Rejected Takeoff/Engine Failure

Emergency or abnormal situations can occur during a takeoff that require a pilot to reject the takeoff while still on the runway. Circumstances such as a malfunctioning powerplant, inadequate acceleration, runway incursion, or air traffic conflict may be reasons for a rejected takeoff.

 

Prior to takeoff, the pilot should identify a point along the runway at which the airplane should be airborne. If that point is reached and the airplane is not airborne, immediate action should be taken to discontinue the takeoff. Properly planned and executed, the airplane can be stopped on the remaining runway without using extraordinary measures, such as excessive braking that may result in loss of directional control, airplane damage, and/or personal injury.

In the event a takeoff is rejected, the power is reduced to idle and maximum braking applied while maintaining directional control. If it is necessary to shut down the engine due to a fire, the mixture control should be brought to the idle cutoff position and the magnetos turned off. In all cases, the manufacturer’s emergency procedure should be followed.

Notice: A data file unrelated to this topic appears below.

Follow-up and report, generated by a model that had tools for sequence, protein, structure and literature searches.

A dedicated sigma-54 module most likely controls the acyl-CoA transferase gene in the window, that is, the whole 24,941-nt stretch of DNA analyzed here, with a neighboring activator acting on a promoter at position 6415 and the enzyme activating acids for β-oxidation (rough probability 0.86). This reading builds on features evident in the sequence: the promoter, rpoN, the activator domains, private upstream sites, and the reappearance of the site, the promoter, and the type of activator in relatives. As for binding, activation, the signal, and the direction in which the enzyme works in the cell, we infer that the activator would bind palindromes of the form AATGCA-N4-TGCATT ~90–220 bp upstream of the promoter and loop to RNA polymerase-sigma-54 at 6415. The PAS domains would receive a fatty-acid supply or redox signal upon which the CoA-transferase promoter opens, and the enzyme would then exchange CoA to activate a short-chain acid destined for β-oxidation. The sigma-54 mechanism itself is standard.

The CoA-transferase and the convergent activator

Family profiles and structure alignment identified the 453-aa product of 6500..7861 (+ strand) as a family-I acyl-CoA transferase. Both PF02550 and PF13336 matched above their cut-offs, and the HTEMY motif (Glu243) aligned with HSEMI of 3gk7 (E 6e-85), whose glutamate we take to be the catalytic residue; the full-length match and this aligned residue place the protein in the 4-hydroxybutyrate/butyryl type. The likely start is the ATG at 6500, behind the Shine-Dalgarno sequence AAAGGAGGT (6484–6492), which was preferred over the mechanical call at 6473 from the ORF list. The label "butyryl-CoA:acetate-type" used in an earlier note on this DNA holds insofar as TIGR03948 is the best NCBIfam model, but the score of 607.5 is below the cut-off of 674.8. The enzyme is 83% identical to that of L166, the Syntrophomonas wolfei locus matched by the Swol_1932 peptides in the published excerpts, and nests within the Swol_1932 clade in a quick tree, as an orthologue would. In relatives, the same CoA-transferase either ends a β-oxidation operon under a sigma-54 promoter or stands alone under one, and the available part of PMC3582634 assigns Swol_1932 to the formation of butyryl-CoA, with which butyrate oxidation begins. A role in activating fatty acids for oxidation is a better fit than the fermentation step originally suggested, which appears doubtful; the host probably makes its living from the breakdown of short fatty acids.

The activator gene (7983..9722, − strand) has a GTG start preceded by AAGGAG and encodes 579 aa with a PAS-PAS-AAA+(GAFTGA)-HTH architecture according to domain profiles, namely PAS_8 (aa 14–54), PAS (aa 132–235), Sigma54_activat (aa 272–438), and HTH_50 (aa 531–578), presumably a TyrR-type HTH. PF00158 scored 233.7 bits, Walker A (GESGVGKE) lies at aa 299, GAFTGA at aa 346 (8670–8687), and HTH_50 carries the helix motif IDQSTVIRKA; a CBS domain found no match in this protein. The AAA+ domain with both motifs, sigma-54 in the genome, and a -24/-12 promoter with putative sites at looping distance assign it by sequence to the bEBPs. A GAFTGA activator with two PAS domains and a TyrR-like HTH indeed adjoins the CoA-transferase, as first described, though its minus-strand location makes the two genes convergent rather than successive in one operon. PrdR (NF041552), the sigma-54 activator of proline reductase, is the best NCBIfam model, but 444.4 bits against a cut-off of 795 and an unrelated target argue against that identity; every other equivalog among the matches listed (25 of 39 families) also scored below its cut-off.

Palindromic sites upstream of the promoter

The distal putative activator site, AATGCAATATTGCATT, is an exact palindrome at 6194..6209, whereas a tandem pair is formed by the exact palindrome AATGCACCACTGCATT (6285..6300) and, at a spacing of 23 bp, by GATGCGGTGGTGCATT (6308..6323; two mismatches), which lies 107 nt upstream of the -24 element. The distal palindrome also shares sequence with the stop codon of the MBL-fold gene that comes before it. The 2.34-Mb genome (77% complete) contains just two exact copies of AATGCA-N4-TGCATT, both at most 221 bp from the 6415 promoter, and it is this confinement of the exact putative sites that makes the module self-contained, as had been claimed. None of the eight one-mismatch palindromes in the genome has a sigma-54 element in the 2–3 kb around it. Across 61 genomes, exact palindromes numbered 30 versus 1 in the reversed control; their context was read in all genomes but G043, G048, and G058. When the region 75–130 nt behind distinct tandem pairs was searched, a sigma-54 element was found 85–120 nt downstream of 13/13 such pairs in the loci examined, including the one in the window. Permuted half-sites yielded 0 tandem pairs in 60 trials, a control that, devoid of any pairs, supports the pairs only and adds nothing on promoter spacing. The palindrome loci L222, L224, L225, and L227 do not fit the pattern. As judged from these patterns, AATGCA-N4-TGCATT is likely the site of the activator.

Urgency characterizes all power loss or engine failure occurrences after lift-off. In most instances, the pilot has only a few seconds after an engine failure to decide what course of action to take and to execute it.

In the event of an engine failure on initial climb-out, the pilot’s first responsibility is to maintain aircraft control. At a climb pitch attitude without power, the airplane is at or near a stalling AOA. At the same time, the pilot may still be holding right rudder. The pilot must immediately lower the nose to prevent a stall while moving the rudder to ensure coordinated flight. Attempting to turn back to the takeoff runway should not be attempted. The pilot should establish a controlled glide toward a plausible landing area, preferably straight ahead.